BOOK #: 10
REASON READ: arc/are, 100+ Challenge, ARC Challenge, A to Z Challenge
PUBLISHER: Houghton Mifflin Harcourt
FORMAT/PAGES: Hardcover/320 pgs.
RATING: 4 Stars
Everyone knows the story of the Evil Stepmother. She only has her own interests at heart. She treats the stepchild like a slave. She yells, berates, demeans, and discourages. She may even be trying to kill you.
Now, anyone who has dated and/or married someone with a child/children knows all too well that the stereotypical stepmother is one that not only the children latch onto, but too often the stepmother as well. With half of the women in the United States living with, married to, or going to be living with a man with children, the feeling of being a "Stepmonster" is all too real.
But never fear, Wednesday Martin has come to save step-relationships everywhere with this well-researched and well-written book. Martin uncovers the emotional mysteries of the stepmother- why does a stepmother think, act, and feel they way she does? Being in a relationship with a man with children is not for the selfish, lazy, or faint of heart. It is hard work to create any kind of relationship (especially the older the stepchildren are) at all, much less one that is based on mutual understanding and love.
Martin identifies five specific issues that create drama in the step-family, from the fairy tales and myths of the blended family to competitions. Martin writes from the knowing perspective of a woman who has been there, done that. The book is broken down into easily digestible "chunks" and there is more than enough food for thought. She splashes stories of real blended families and their conflicts throughout the book to shout "You're Not Alone!", and she doesn't pin the blame for the way things are in the step-family situation on anyone or anything, but uses even the Wicked Stepmother analogy to show how to gain understanding.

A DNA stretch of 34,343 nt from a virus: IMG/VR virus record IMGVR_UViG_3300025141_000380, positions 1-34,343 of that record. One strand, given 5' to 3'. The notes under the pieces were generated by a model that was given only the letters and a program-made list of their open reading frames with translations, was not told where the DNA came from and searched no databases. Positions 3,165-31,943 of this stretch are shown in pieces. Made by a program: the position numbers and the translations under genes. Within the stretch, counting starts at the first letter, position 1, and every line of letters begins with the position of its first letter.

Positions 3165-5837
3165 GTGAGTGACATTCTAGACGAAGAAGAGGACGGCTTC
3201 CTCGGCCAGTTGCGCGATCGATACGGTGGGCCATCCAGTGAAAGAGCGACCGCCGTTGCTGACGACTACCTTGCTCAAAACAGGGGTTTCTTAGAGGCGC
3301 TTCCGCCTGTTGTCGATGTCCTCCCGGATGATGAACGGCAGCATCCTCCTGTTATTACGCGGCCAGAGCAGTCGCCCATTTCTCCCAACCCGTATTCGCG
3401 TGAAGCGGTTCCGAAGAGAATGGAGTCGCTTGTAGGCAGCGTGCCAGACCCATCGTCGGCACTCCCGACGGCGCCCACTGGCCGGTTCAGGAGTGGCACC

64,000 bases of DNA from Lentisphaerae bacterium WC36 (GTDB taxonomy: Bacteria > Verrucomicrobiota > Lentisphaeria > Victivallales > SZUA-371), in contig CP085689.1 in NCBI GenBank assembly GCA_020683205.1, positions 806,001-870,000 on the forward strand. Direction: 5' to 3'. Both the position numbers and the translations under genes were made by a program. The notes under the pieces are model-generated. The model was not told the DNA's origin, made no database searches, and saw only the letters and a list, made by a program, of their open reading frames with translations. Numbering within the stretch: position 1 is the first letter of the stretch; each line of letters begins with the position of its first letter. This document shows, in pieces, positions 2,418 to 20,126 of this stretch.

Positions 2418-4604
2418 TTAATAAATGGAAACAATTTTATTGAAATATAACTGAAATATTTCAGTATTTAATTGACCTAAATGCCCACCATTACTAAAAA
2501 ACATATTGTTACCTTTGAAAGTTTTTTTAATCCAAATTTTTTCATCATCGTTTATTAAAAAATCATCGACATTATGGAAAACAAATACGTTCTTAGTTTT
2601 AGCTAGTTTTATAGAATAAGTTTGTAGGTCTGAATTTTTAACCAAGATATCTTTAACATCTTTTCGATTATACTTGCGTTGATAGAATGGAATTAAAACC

I recommend Stepmonster to stepmothers everywhere. I even think grown stepchildren could learn quite a lot from this book, even though it is targeted at the stepmother.
**I am giving away my copy of Stepmonster on Goodreads with the condition that the recipient reviews the book on their blog, Goodreads, Amazon, or another review site.
Wednesday Martin, Ph.D., was a regular contributor to the New York Post's parenting page for several years, and her work has appeared in a number of national magazines. She earned her doctorate in comparative literature from Yale and taught cultural studies and literature at Yale, the New School, and Baruch College. Martin, a stepmother for nine years, lives in New York City with her husband and their two sons.